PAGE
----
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Battle of Redwood Ferry

From Wikipedia, the free encyclopedia

The Battle of Redwood Ferry was a battle in the Dakota War of 1862.

Battle of Redwood Ferry
Part of The Dakota War of 1862
DateAugust 18, 1862
Location44°31′45″N 94°57′13″W / 44.52917°N 94.95361°W / 44.52917; -94.95361
Result Santee Sioux Victory
Dakota (Santee Sioux) US Soldiers from Fort Ridgely
{Co B 5th Minnesota Infantry}
Commanders and leaders
Chief Little Crow Captain John S. Marsh
325-350 46
Casualties and losses
1 confirmed 24 killed, 1 drowned, 5 wounded

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News reached Captain John S. Marsh at Fort Ridgely (then spelled "Ridgley") that the Lower Sioux Agency had been attacked on August 18, 1862.

Marsh went to the Lower Sioux Agency with 47 enlisted men and Interpreter Peter Quinn. The remaining inhabitants of the agency were Second Lieutenant Thomas P. Gere, Post Sutler Ben H. Randall, Ordnance Sergeant John Jones, two sergeants, three corporals, and about 32 privates. Marsh sent Private James C. McLean to catch up with 1st Lt. Timothy Sheehan and his 50 men from Fort Ripley. They had departed Fort Ridgely earlier that day returning to their home post. McLean was able to relay message and Lt. Sheehan with C Company returned to reinforce the beleaguered outpost.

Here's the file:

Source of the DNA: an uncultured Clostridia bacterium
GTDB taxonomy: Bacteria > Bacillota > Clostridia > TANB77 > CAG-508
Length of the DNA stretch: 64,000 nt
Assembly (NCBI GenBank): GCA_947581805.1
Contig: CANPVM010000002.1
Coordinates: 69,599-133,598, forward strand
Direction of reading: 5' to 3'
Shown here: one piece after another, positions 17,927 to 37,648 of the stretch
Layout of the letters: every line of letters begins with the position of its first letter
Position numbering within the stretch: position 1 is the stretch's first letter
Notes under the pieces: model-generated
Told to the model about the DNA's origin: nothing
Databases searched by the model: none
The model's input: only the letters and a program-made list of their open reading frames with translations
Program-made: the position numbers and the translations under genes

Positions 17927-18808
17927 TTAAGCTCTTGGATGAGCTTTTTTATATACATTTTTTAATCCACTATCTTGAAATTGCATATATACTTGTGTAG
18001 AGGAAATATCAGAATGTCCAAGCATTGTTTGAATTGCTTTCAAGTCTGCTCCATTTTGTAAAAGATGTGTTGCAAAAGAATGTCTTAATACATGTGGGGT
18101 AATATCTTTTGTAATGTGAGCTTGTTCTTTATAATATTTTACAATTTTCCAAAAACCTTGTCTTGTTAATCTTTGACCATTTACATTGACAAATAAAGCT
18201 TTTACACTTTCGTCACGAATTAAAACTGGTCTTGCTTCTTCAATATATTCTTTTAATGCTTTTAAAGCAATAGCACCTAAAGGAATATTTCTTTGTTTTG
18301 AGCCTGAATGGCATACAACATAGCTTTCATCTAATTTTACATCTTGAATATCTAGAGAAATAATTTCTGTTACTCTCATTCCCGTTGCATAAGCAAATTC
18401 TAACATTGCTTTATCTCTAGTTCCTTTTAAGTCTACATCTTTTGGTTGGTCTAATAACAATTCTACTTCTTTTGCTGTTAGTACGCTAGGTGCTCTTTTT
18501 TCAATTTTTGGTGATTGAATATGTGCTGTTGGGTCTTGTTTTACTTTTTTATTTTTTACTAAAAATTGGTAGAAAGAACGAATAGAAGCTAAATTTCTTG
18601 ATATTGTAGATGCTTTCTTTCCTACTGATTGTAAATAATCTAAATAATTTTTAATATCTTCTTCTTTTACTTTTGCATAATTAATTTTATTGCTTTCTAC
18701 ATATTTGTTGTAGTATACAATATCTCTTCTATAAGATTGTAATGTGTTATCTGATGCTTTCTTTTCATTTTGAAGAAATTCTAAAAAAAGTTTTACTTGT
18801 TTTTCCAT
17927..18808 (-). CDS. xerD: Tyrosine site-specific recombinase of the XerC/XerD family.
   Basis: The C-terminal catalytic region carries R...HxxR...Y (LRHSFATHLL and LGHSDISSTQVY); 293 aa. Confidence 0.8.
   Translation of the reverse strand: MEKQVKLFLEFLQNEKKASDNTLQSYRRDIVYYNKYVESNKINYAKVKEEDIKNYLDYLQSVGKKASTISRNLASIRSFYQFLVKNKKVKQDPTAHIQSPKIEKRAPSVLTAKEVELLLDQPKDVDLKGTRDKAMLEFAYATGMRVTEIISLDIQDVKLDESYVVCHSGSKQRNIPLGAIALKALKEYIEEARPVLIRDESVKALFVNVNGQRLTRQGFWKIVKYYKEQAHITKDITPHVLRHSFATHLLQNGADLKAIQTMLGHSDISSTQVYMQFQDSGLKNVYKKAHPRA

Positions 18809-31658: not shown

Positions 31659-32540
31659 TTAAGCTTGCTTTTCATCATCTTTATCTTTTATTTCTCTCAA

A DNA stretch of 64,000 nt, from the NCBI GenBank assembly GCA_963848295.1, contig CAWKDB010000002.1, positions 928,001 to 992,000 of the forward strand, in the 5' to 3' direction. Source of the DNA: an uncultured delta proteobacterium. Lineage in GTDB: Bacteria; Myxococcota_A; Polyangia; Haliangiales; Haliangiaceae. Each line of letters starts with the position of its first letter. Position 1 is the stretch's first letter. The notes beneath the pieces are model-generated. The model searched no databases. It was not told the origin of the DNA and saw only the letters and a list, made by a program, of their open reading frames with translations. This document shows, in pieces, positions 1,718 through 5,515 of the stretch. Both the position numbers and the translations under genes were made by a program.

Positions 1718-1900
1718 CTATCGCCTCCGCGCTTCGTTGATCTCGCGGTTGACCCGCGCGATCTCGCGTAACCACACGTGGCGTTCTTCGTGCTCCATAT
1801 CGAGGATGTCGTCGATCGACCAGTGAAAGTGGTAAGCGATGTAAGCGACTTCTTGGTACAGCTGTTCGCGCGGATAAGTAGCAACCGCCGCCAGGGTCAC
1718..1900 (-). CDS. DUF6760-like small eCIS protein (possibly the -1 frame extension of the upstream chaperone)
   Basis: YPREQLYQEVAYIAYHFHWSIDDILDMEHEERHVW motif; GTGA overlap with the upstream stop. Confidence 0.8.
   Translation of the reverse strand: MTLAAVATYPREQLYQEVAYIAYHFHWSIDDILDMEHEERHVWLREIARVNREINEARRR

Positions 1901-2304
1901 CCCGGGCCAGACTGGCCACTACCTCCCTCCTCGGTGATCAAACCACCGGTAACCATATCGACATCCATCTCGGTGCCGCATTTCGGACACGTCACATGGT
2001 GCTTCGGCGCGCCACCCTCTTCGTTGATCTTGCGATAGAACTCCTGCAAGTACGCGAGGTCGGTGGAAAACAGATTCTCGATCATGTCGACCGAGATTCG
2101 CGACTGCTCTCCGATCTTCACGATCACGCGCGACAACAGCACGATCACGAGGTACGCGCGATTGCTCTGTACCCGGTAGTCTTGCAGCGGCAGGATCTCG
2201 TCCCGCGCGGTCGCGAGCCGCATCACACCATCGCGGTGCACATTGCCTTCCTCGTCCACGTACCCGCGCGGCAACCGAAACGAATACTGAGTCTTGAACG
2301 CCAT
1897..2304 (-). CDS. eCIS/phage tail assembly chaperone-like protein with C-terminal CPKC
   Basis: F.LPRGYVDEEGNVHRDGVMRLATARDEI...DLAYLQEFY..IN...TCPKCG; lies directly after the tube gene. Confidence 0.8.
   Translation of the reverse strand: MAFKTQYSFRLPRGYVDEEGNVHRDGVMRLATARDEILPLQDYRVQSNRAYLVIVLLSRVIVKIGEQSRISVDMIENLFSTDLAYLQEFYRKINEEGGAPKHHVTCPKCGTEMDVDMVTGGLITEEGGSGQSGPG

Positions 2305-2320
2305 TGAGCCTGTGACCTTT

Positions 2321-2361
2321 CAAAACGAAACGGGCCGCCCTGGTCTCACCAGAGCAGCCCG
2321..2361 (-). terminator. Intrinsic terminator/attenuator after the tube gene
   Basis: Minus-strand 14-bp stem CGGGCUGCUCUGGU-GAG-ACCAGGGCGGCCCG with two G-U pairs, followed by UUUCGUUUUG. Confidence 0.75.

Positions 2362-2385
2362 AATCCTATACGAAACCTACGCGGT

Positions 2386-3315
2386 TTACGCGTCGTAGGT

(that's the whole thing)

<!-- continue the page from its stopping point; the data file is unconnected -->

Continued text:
Company B was attacked at noon along the Minnesota River when they stopped for water. Capt. Marsh and his men fought until over half had fallen. They then moved to the Faribault cabin, at the bottom of "Faribault Hill". They later tried to swim the river, but the swift current pulled Marsh under. This made the Indians think that Marsh and the remaining 16 had gone across, so the Indians hid in a dam, ready to ambush.

The surviving members of Company B made their way towards Ridgely. With it getting dark, Lt. Bishop sent Privates James Dunn and William B. Hutchinson to Ridgely to tell the post commander what happened. They arrived at Ridgely at 2200 hours. The remaining men returned to the fort on August 20.


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This page was last edited on 10 November 2020, at 16:53
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